My Weekend of Scratch started because of some retro gaming with Mario Brothers, Zelda and Megaman. Memories certainly came flooding back to me at how appalling at gaming I was. But that aside something very special happened. Little ‘Mikelet’ walked into the room and saw me playing these games and was blown away. He is a modern Mario fan which, in my humble opinion, is no where near as good as the retro version but then again I am old school. Dickensian some say :O. He was enthralled and intrigued and suddenly blurted out, “Dad, can you teach me to program”. Panic comes over my face, because with something like this you only get one chance to teach it correctly before people loose interest.
So this called for a large mug of coffee and some Google time. I needed to research what was the best software to use. After lots of research it came back that the lovely engineers at MIT had developed a method for teaching children to program with premade click and drag-gable blocks of code.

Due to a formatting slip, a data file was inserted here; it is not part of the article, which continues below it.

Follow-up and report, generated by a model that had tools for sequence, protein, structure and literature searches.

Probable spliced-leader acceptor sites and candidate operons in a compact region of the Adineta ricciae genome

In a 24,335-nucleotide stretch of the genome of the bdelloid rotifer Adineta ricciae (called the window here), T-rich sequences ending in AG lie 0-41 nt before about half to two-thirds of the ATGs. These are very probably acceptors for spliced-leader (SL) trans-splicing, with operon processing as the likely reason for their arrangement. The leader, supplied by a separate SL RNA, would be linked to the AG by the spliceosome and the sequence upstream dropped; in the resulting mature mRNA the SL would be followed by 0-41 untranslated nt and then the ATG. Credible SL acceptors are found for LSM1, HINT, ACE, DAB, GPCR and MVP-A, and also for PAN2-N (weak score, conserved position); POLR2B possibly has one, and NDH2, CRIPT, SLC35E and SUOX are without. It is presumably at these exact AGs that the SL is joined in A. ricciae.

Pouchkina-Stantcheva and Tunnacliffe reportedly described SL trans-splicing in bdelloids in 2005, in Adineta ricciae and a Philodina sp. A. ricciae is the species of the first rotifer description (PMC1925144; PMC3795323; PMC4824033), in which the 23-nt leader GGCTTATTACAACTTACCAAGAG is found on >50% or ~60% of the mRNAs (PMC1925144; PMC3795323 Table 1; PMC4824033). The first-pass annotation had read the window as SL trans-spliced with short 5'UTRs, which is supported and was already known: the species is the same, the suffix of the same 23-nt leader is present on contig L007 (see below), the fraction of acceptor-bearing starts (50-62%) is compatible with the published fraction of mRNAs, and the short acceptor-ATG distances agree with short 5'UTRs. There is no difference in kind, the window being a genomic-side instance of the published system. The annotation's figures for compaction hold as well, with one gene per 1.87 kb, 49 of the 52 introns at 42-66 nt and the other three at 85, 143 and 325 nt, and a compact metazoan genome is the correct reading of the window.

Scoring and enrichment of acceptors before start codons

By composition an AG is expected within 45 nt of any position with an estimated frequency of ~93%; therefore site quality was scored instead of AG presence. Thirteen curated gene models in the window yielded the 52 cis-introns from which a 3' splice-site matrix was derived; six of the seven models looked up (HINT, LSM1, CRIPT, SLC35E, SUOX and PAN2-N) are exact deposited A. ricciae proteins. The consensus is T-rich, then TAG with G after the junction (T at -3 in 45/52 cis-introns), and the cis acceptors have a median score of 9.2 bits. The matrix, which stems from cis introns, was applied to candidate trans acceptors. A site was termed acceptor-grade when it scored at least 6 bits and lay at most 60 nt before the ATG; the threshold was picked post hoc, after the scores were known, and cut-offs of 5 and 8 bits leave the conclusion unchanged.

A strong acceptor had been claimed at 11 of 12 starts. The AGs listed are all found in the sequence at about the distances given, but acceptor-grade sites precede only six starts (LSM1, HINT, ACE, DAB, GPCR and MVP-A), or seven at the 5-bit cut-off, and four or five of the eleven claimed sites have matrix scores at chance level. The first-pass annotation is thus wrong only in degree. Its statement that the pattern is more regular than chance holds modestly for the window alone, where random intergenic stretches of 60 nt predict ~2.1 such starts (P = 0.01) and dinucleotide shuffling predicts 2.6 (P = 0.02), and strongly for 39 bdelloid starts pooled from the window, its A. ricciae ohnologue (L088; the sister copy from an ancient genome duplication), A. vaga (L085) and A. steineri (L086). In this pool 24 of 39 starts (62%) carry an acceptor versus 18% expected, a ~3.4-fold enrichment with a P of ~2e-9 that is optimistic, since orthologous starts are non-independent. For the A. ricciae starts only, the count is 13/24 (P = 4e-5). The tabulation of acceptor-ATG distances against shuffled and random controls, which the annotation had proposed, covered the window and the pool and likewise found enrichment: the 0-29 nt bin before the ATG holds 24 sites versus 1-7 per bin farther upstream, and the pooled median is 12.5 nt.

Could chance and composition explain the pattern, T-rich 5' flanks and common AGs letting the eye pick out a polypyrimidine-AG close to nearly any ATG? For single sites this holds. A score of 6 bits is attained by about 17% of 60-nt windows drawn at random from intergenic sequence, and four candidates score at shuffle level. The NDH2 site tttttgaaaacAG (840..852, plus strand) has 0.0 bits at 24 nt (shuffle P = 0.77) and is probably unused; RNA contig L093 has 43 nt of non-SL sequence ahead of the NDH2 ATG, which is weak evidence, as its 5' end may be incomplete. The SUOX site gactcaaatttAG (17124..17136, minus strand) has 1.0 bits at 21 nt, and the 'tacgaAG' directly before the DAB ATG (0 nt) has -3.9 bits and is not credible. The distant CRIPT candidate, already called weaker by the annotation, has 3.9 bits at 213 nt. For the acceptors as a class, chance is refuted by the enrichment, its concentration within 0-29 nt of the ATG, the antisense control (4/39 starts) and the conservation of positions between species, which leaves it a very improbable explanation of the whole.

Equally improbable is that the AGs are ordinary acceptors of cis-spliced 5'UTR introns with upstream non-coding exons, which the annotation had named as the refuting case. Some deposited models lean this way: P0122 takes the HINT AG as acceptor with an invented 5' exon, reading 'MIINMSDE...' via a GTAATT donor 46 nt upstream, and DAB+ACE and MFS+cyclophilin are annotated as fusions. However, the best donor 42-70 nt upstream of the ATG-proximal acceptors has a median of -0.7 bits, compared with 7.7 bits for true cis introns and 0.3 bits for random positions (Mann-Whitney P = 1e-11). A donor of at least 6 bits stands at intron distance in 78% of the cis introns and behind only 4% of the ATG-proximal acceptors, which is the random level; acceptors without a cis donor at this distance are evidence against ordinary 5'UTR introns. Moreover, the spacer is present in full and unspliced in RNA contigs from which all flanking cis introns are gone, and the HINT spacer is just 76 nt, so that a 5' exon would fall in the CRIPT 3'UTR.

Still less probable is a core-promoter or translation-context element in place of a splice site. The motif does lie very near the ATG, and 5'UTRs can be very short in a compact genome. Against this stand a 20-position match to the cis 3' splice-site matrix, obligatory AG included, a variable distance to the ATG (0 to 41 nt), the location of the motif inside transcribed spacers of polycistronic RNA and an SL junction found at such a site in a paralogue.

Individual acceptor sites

I started him with with a question. How do you make a drink such as squash, what do you need? We sat down with paper and he drew it out.
Steps to make a squash drink
- We need to go to the cupboard.
- We get a glass
- We go over to the squash cupboard
- Get the squash out
- Put the squash in the glass
- We then go to the tap
- We turn the tap on
- We fill the glass
The above away is a great way to explain to children the steps / processes you need to think about when writing code. Within minutes, Michael was starting to code and understand the processes you have to go through to make code work. After 5 hours of being enthralled, he has made two player games where two people could move their characters around the screen. He was introduced to the world of sprites.
So if you have a child that wants to learn how to program then this is certainly the best way to teach it.